South Dakota’s first MLK Marade


Gracie Terrall, Co-Editor-in-Chief

On Monday, South Dakota State University will host the inaugural Dr. Martin Luther King Jr. Rally and Marade event to honor the life and legacy of the civil rights activist. The event begins at 11 am on Monday, Jan. 16 in the University Student Union.

A marade is a combination of a peaceful march and parade, which includes a public procession, rally and marching band. Marades are meant to honor and celebrate the life of King. Monday’s event will be the first of its kind both on SDSU’s campus and in the state of South Dakota. 

“This is a holiday that is celebrated as a ‘day on’ even though it is a day off to commemorate a great leader from the United States,” Jay Molock, the Black Student Alliance adviser said. “Everyone is not just invited, but encouraged to attend and in doing so we create an atmosphere of being inclusive and belonging.”

The event includes nearly 20 presentations and speakers, a 1.1 mile walk around campus followed by refreshments to honor King’s birthday. 

Presentations will include speeches from Students’ Association President, Blake Pulse, Brookings Mayor, Ope Niemeyer and Vice President of Student Affairs, Michaela Willis. There will also be two essayist finalists from middle and high school and performances by the Brookings High School jazz band and drumline and SDSU student singers.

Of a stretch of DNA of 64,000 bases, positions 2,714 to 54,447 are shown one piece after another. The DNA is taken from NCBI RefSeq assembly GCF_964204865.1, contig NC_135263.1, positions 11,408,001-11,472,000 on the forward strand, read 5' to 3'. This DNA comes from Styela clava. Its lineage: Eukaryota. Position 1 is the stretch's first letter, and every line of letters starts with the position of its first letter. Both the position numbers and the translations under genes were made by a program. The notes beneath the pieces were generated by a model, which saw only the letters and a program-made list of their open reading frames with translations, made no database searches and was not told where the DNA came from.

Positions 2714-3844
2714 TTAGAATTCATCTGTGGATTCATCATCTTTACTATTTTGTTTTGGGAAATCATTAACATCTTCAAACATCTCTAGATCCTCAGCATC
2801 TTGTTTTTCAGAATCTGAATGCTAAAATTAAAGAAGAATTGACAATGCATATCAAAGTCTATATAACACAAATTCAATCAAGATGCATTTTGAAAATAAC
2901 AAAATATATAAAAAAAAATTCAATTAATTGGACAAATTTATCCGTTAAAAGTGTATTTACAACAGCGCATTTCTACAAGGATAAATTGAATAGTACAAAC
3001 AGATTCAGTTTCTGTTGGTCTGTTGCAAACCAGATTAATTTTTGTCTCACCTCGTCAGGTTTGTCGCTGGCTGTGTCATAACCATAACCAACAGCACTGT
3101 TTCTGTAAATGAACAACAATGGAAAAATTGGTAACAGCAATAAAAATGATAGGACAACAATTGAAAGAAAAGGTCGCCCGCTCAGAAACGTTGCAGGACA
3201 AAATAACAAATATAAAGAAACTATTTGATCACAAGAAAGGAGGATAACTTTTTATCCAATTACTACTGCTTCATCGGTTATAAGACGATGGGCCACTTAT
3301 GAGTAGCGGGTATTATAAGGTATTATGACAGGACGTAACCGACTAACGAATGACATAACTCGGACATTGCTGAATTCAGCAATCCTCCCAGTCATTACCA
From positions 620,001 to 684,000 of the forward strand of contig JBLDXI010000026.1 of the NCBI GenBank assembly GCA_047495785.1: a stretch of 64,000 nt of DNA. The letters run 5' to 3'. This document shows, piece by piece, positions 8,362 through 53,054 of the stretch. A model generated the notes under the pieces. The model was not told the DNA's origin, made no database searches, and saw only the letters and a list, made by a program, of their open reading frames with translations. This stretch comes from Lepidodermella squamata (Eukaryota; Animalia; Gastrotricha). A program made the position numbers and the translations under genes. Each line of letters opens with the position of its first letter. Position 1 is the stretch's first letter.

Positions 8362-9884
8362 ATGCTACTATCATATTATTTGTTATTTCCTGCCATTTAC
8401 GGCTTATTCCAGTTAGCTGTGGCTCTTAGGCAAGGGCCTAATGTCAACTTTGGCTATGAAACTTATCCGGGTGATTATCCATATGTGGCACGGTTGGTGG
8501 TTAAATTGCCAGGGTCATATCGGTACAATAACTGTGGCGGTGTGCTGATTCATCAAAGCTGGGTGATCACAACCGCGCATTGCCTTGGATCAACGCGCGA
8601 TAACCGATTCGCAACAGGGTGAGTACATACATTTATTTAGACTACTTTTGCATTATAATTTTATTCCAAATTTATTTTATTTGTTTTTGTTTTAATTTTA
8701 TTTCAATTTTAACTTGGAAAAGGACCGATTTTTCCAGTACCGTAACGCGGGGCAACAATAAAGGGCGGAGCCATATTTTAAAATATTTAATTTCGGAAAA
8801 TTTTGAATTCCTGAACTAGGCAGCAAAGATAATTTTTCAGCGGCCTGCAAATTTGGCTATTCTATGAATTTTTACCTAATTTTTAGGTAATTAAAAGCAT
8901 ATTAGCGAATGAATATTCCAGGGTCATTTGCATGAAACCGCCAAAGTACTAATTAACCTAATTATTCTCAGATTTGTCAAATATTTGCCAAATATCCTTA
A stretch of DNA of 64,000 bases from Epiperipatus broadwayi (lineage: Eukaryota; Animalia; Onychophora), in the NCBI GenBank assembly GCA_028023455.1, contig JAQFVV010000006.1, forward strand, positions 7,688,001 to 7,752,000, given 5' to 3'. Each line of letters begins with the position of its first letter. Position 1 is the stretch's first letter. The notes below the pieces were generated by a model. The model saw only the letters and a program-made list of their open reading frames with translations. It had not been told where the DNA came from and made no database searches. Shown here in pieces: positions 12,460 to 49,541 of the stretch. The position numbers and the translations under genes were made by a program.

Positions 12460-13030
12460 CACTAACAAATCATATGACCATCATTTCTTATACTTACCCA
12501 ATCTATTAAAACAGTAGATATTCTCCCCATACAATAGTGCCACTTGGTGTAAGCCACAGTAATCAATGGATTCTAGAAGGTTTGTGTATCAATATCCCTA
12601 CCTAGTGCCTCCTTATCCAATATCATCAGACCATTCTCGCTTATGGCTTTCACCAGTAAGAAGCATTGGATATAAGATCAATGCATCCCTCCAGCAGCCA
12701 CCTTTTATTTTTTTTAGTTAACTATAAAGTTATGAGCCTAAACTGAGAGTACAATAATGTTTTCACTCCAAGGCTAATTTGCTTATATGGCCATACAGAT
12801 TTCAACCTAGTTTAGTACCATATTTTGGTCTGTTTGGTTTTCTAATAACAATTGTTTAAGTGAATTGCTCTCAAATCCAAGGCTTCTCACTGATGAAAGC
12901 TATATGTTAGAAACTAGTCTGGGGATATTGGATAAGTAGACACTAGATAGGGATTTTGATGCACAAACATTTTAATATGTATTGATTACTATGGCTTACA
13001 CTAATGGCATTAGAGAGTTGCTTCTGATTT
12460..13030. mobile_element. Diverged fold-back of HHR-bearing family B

During Monday night’s Students’ Association meeting, Molock addressed the Senate and encoraged them all to attend. 

“You guys are the campus leaders,” Molock said. “The question is what are you going to do about it? … We will be the talk of the entire state by the end of the visit … My goal is that South Dakota State [gets] national attention.”

The marade is sponsored by a number of student organizations including Black Student Alliance, Latin American Students Association, Gender and Sexuality Alliance, International Dance Crew, American Indian Student Center and Students’ Association. The Office of Multicultural Affairs and Accessibility, Brookings Human Rights Commission and Visit Brookings are also sponsoring the event. 

Molock said he hopes the event will show students the value of coming together and celebrating the first national holiday devoted to a black civil rights activist. 

“We would like to move from inaugural to annual so that this event will be something the university and community can celebrate every year at this time,” Molock said. “I am convinced that the audience will walk away different than when they came in based on the life and legacy of what Dr. King did.”